A constant-current filtrometer system was used in the measurement of the erythrocyte deformability. Samples to be measured were prepared with 10 ml of erythrocyte suspension and PBS buffer. The flow rate was held constant at 1.5 ml/min with an infusion pump. A 28mm nucleoporin polycarbonate filter with a 5μm pore diameter was preferred. Pressure changes while the erythrocytes passed through the filter were detected by a pressure transducer, and the data were transferred to the computer with the help of an MP30 data equation system (Biopac Systems Inc., Commat, USA). The calculations were performed with related computer programmes by measuring the pressure changes at various times. Pressure calibration of the system was performed before each sample measurement. The buffer (PT) and the erythrocytes (PE) were passed through the filtration system, and the changes in pressure were measured. The relative refractory period value (Rrel) was calculated by relating the pressure value of the erythrocyte suspension to the pressure value of the buffer. An increasing Rrel in the deformability index was interpreted as adversely affecting the deformability of the erythrocytes [11].


Statistical analysis

The statistical analyses were performed with the SPSS 20.0 software programme; p<0.05 was considered statistically significant. The findings were expressed as mean ± standard deviation. The data were evaluated with Kruskal-Wallis variance analysis. The variables with significance were evaluated with a Bonferroni corrected Mann-Withney U test.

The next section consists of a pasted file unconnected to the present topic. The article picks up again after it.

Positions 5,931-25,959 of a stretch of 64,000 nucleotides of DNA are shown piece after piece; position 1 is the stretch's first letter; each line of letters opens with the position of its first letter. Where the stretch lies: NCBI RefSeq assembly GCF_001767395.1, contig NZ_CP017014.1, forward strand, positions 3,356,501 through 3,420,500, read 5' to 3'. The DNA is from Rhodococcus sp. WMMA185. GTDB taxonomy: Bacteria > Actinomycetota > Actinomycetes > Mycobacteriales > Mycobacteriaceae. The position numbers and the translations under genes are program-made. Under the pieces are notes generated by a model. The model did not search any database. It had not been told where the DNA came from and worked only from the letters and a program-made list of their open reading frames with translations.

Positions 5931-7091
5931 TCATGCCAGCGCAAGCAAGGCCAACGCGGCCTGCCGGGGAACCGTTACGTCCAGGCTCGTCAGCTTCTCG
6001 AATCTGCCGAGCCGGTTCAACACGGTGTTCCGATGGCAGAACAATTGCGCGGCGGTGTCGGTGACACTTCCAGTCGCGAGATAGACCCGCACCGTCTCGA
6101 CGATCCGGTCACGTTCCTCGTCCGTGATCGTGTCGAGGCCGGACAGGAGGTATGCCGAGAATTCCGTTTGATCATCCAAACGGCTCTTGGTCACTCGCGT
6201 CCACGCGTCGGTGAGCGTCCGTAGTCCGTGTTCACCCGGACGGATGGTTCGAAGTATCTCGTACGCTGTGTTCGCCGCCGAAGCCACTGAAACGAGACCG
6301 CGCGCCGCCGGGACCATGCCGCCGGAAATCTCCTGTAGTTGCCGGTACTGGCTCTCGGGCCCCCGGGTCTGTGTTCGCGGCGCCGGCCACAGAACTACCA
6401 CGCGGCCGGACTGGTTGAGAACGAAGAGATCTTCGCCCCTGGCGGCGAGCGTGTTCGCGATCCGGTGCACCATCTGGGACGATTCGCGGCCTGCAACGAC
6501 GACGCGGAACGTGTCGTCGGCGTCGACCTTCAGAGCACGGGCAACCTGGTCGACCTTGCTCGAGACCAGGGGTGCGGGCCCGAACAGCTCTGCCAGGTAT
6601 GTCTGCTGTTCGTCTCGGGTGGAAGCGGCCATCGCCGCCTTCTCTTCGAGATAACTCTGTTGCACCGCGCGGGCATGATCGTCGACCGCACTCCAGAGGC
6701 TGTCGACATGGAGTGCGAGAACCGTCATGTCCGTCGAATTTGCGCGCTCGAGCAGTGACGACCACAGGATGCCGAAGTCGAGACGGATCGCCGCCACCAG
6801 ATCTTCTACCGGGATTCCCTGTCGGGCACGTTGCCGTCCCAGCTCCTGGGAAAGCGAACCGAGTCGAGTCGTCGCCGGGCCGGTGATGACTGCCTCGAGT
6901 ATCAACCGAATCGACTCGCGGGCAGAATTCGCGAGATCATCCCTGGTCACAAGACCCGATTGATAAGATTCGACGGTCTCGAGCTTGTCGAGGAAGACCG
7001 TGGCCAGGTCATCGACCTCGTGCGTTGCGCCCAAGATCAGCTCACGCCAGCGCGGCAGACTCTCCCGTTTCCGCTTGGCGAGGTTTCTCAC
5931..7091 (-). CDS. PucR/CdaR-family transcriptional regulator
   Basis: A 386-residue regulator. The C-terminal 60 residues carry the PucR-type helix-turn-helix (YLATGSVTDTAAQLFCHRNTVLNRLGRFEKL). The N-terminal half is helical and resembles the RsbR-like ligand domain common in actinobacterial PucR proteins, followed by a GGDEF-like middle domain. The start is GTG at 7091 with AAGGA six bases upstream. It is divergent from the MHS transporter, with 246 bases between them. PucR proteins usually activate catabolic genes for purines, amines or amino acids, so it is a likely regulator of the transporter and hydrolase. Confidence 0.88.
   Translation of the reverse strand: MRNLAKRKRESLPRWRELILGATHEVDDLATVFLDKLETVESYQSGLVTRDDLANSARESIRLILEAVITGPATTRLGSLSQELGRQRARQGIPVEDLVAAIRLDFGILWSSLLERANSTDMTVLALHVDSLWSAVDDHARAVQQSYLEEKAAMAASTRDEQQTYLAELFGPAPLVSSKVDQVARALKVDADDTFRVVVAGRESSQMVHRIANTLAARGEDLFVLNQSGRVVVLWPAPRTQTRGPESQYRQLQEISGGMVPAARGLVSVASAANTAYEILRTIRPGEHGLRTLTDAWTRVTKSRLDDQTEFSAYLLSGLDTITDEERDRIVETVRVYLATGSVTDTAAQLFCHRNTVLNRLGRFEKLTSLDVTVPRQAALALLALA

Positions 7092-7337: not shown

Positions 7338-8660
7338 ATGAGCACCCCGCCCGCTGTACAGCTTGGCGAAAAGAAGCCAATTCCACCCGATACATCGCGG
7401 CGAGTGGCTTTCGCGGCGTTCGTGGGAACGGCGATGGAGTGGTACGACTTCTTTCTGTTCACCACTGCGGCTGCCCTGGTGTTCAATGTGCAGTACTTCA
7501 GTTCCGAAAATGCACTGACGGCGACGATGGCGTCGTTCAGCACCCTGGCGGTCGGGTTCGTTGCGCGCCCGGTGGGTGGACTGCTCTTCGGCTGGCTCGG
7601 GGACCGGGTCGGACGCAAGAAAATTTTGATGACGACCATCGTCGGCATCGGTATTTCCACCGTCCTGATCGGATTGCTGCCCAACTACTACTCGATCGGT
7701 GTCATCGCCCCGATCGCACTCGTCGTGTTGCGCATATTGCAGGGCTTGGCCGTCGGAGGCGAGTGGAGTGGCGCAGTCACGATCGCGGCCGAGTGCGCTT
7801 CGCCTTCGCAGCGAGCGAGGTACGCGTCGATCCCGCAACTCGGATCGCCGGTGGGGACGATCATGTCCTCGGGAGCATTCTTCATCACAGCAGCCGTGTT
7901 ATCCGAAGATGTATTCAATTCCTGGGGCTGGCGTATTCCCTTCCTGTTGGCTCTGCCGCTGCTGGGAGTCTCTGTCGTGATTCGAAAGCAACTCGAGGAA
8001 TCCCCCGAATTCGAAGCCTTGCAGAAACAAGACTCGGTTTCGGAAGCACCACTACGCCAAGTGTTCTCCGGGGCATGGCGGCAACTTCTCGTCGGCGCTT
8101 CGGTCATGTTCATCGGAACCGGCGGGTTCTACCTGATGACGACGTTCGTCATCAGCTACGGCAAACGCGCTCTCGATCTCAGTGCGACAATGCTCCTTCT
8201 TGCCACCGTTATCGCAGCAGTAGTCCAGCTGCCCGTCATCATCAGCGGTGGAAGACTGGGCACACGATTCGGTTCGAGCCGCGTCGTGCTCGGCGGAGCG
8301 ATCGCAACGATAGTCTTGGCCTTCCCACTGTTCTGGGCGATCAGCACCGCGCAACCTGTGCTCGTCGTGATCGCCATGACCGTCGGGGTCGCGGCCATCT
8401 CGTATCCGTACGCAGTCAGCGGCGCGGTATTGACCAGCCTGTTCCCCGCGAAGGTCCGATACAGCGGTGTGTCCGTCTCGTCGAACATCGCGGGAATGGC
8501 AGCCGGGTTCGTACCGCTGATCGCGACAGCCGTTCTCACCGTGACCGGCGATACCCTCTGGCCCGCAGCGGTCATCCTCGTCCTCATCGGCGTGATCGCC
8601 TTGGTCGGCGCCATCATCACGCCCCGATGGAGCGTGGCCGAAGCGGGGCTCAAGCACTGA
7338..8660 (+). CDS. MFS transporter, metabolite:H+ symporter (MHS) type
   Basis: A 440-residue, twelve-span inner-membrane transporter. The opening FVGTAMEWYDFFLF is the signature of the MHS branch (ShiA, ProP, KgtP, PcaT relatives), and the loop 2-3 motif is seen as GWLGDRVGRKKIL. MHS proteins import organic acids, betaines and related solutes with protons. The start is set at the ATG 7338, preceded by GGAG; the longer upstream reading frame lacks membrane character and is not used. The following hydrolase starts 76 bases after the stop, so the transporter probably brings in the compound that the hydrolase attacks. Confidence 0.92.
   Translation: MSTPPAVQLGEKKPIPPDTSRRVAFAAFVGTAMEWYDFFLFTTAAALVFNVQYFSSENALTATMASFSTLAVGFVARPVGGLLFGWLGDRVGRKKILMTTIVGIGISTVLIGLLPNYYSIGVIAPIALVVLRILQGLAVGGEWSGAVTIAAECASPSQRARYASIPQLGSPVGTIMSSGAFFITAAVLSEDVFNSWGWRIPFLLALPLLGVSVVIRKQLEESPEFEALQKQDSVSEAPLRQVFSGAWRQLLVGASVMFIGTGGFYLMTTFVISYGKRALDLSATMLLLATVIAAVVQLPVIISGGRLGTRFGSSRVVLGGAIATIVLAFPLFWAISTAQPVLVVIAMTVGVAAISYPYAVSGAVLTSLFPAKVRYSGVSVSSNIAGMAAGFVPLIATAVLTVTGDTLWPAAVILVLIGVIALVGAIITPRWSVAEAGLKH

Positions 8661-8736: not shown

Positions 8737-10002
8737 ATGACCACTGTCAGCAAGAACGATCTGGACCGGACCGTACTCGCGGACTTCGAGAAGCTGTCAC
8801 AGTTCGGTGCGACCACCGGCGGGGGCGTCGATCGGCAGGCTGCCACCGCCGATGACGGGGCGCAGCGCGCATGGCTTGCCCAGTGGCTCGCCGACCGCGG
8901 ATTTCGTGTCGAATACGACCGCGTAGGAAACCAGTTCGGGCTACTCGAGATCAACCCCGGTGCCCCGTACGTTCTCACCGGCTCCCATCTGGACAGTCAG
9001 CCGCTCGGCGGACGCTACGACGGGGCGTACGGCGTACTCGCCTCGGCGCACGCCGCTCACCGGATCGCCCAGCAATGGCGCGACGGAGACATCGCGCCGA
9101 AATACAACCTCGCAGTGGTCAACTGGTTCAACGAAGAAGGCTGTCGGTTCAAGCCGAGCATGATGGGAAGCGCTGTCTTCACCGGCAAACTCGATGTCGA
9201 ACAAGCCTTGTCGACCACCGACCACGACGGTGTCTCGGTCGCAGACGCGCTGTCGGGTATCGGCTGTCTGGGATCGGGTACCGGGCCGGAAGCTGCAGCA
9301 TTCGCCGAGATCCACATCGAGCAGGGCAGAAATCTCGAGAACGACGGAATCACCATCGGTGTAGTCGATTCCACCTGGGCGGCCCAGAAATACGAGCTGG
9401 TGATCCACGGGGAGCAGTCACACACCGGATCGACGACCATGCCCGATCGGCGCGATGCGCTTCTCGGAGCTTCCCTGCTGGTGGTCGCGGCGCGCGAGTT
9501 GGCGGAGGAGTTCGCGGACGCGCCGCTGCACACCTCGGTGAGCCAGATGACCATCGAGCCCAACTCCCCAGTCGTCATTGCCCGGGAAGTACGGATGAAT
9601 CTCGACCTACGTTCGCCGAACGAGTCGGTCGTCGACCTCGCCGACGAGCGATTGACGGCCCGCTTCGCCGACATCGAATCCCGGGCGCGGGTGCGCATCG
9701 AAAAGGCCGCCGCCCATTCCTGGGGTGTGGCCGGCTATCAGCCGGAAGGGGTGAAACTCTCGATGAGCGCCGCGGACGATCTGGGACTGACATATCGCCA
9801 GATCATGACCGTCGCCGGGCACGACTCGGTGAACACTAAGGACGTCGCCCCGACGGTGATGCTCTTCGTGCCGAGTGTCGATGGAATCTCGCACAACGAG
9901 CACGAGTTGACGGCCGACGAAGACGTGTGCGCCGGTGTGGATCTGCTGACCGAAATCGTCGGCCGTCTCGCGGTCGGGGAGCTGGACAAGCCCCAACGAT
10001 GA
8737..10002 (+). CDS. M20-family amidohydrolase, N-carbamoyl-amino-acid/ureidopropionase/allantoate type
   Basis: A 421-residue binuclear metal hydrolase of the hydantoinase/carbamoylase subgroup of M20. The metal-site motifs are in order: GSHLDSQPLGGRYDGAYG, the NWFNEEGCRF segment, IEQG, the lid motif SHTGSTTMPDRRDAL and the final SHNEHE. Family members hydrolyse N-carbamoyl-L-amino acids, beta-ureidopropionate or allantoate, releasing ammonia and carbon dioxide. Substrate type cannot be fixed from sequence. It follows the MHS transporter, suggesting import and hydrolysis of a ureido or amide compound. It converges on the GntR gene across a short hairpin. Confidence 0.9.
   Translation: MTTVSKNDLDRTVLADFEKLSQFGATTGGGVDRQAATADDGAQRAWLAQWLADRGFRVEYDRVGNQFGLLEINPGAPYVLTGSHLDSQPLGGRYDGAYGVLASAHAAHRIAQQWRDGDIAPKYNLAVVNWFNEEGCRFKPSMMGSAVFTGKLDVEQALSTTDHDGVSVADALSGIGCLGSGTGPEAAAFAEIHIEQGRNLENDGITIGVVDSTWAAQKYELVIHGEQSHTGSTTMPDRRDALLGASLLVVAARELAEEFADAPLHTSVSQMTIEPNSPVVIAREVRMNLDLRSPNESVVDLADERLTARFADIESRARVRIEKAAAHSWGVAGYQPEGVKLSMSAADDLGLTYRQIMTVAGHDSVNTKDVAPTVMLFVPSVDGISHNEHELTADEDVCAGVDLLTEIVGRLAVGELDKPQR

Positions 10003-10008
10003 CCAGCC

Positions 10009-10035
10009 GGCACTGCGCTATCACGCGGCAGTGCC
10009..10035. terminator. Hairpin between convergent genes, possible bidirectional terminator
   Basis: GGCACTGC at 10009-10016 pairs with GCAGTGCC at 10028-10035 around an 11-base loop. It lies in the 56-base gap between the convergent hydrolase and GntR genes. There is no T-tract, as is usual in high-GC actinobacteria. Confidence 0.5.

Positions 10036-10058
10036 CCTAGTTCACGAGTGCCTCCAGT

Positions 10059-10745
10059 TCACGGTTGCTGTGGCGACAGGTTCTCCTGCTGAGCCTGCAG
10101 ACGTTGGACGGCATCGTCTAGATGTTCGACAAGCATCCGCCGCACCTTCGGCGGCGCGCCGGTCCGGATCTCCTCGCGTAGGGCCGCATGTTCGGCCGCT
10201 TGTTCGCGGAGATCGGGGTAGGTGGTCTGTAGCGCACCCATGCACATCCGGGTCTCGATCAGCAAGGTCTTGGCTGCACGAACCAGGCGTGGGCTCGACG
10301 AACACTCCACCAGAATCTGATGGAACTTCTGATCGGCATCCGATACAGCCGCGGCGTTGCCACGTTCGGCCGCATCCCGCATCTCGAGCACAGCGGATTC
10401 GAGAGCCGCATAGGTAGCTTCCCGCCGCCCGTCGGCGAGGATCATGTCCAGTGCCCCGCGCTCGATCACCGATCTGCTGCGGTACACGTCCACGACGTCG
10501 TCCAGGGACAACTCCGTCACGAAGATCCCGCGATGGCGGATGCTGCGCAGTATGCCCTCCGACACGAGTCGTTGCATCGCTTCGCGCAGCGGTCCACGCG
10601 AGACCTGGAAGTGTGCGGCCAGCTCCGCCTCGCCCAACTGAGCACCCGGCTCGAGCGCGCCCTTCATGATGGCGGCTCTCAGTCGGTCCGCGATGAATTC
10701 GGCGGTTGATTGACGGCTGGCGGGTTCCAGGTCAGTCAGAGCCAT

Results

Macroscopic renal appearances of the related groups are shown in figure-1-3.


.
Figure 1: Macroscopic renal appearance of control group View Figure 1



.




.
Figure 2: Macroscopic renal appearance of 1-week UUO group View Figure 2



.




.
Figure 3: Macroscopic renal appearance of 3-week UUO group View Figure 3



.




The deformability index was measured 2.44 ± 0.18, 2.94 ± 0.18, 3.11 ± 0.17, 3.06 ± 0.28 and 3.39 ± 0.10 for Group C, UO-1, UO-3, UO-1-96S and UO-3-96S, respectively.

The deformability index was significantly increased in the UUO rats (p<0.0001). However, it was similar in Groups UUO-1 and UUO-1-96S (p=0.258). It was significantly increased in Group UUO-3-96S when compared to Group C, UUO-1 and UUO-3 (p<0.0001, p=0.016, p=0.007, respectively) (Figure 4). The relative resistance was increased in the group UUO-3 high-dose Sugammadex application.


.
Figure 4: Erythrocyte deformability values of the groups. Each bar represents the mean ± sd.
* p<0.05 compared to Group C; & p<0.05 compared to Group UUO-3-96S View Figure 4